After New Study, It Should Be Made Easier To Toke

After New Study, It Should Be Made Easier To Toke
Posted by CN Staff on July 22, 2004 at 08:01:27 PT
By Stuart Hunter and Ethan Baron, The Province
Source: Province
As someone who has been jailed in every province, B.C. marijuana activist Marc Emery considers himself a man with his finger on Canada's pot pulse.He said yesterday's Statistics Canada report, 2002 Canadian Community Health Survey, indicating more Canadians than ever are toking up, shows the growing need for new legislation to make it easier for people to access marijuana and squeeze organized crime out of the drug scene.
The report says that the number of Canadians who admit to indulging in marijuana or hashish nearly doubled to 12.2 per cent between 1989 and 2002 -- and the highest rates of use were among teens. That was a substantial jump from 6.5 per cent in 1989 and 7.4 per cent in 1994."I think it's pretty accurate," said Emery, president of the B.C. Marijuana Party. "I'd say there are about three million smokers at any one time who would be considered regular smokers, or about 12 per cent."It's ingrained in our national psyche to smoke pot at some point in your life and as these children grow up the numbers will continue to increase, so it's going to continue to get larger and larger."Provincially, B.C. had the highest rate of cannabis use at 15.7 per cent, Nova Scotia was second at 13.7 and Quebec was third at 13.5 per cent, according to the survey.Many of the big gains were among youth. Thirty-eight per cent of teens aged 18 and 19 reported smoking pot or hash in the previous 12 months, while 29 per cent of teens 15 through 17 indulged.That dropped to six per cent in adults 45 to 54 years old and virtually disappears after age 65. Men in nearly every age group were more likely to toke up than women. Snipped: Complete Article: Province, The (CN BC)Author: Stuart Hunter and Ethan Baron, The ProvincePublished: Thursday, July 22, 2004Copyright: 2004 CanWest Interactive Inc. Contact: provletters png.canwest.comWebsite: Articles & Web Site:Cannabis News Canadian Links is Canadian Drug of Choice, Statscan Says Use Surges as Martin Weighs Decrim's Pot Exports Overstated: RCMP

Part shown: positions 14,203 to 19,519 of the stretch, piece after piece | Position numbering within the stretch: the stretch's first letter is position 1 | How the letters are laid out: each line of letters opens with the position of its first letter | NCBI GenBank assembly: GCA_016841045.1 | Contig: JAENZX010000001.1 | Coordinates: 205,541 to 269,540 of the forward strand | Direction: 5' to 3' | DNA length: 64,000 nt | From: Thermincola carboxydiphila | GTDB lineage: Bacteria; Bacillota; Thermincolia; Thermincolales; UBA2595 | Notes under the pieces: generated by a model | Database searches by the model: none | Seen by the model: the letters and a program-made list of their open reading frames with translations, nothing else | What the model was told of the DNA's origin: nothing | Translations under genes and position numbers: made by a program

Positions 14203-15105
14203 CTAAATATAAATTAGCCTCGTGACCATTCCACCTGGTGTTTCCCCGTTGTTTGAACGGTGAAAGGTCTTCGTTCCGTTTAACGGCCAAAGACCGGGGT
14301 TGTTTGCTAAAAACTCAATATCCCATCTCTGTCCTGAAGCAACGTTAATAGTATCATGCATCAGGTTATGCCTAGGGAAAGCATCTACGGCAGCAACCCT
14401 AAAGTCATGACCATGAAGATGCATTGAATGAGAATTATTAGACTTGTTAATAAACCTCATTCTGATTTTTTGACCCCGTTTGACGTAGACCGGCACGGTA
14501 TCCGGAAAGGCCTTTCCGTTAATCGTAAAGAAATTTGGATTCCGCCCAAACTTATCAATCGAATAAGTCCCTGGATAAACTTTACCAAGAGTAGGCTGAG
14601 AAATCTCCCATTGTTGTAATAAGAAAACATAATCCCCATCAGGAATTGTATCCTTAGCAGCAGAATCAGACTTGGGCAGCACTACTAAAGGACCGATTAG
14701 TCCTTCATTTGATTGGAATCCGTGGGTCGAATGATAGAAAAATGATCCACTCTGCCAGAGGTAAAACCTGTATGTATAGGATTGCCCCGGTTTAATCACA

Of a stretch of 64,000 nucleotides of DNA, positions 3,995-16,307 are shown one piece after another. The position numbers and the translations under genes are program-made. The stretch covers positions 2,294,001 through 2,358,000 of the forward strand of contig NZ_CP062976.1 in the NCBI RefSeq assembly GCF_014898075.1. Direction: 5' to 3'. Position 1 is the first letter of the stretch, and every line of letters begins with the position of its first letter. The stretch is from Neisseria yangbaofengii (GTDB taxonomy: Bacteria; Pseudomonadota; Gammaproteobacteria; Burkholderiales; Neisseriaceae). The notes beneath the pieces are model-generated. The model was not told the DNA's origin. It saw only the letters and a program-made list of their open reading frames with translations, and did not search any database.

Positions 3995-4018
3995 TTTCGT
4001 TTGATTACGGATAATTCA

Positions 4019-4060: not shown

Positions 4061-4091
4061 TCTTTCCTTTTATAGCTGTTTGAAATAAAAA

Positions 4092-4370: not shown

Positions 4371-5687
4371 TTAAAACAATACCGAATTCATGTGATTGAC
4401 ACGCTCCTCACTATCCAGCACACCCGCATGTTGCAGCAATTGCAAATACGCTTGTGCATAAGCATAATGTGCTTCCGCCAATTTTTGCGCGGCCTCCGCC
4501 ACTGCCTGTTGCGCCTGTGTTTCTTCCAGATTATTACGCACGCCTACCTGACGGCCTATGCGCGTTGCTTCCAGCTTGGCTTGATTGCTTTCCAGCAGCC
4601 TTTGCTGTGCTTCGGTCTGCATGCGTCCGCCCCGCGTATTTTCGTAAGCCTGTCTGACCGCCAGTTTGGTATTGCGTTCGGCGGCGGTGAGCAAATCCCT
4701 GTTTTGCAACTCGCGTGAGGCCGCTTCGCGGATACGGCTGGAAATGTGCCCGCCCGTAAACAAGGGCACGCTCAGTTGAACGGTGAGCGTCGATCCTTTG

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Comment #3 posted by Commonsense on July 22, 2004 at 22:08:05 PT
I used the wrong MTF numbers
The numbers I cited from the Monitoring the Future survey were for all illicit drugs, not just marijuana. The MTF numbers for past year use of marijuana for tenth and twelth graders in 2002 are 30.3% and 36.2% respectively. That would mean that in the neighborhood of 33% of 15 to 17 year old teens used marijuana in the year preceeding the survey.
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Comment #2 posted by Commonsense on July 22, 2004 at 20:45:16 PT
These numbers are similar to ours.
These numbers are similar to those in the U.S., according to the 2002 National Study on Drug Use & Health. Our government survey doesn't break down the age categories quite like the Canadian study. But when I break down the numbers it looks like about 26% of kids 15 through 17 reported smoking pot within 12 months in 2002. It looks like nearly 34% of the 18 and 19 year old crowd reported smoking within a year. It appears by my calculations from the numbers that approximately 6.4% of persons 45-54 reported smoking marijuana within the past year in 2002. I was looking at the NSDUH tables 1.20A and 1.20B which can be found here: comparison, according to the results of the 2002 Monitoring the Future survey, about 34.8% of tenth graders and 41% of twelth graders in the U.S. reported having used marijuana within a year of the 2002 survey. That is considerably higher than the NSDUH numbers. If those numbers are more accurate than the NSDUH numbers, one could estimate that closer to 38% of teens 15 to 17 used marijuana in 2002. That's quite a bit higher than the about 26% or so of teens 15 to 17 who reported using marijuana in the year preceeding the 2002 NSDUH.The MTF table for annual and 30 day use is here:
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Comment #1 posted by CorvallisEric on July 22, 2004 at 16:27:50 PT
According to new Health Minister Dosanjh:"It's just the high in getting something in a stealthy fashion. If you allow people to possess it in small quantities for personal use, the allure kind of disappears for some people."If you can't obtain it from a legal source, or grow it legally, then it's still stealth and underground and alluring for that reason. Since Dosanjh is NDP, not Liberal, maybe he'll understand one day.
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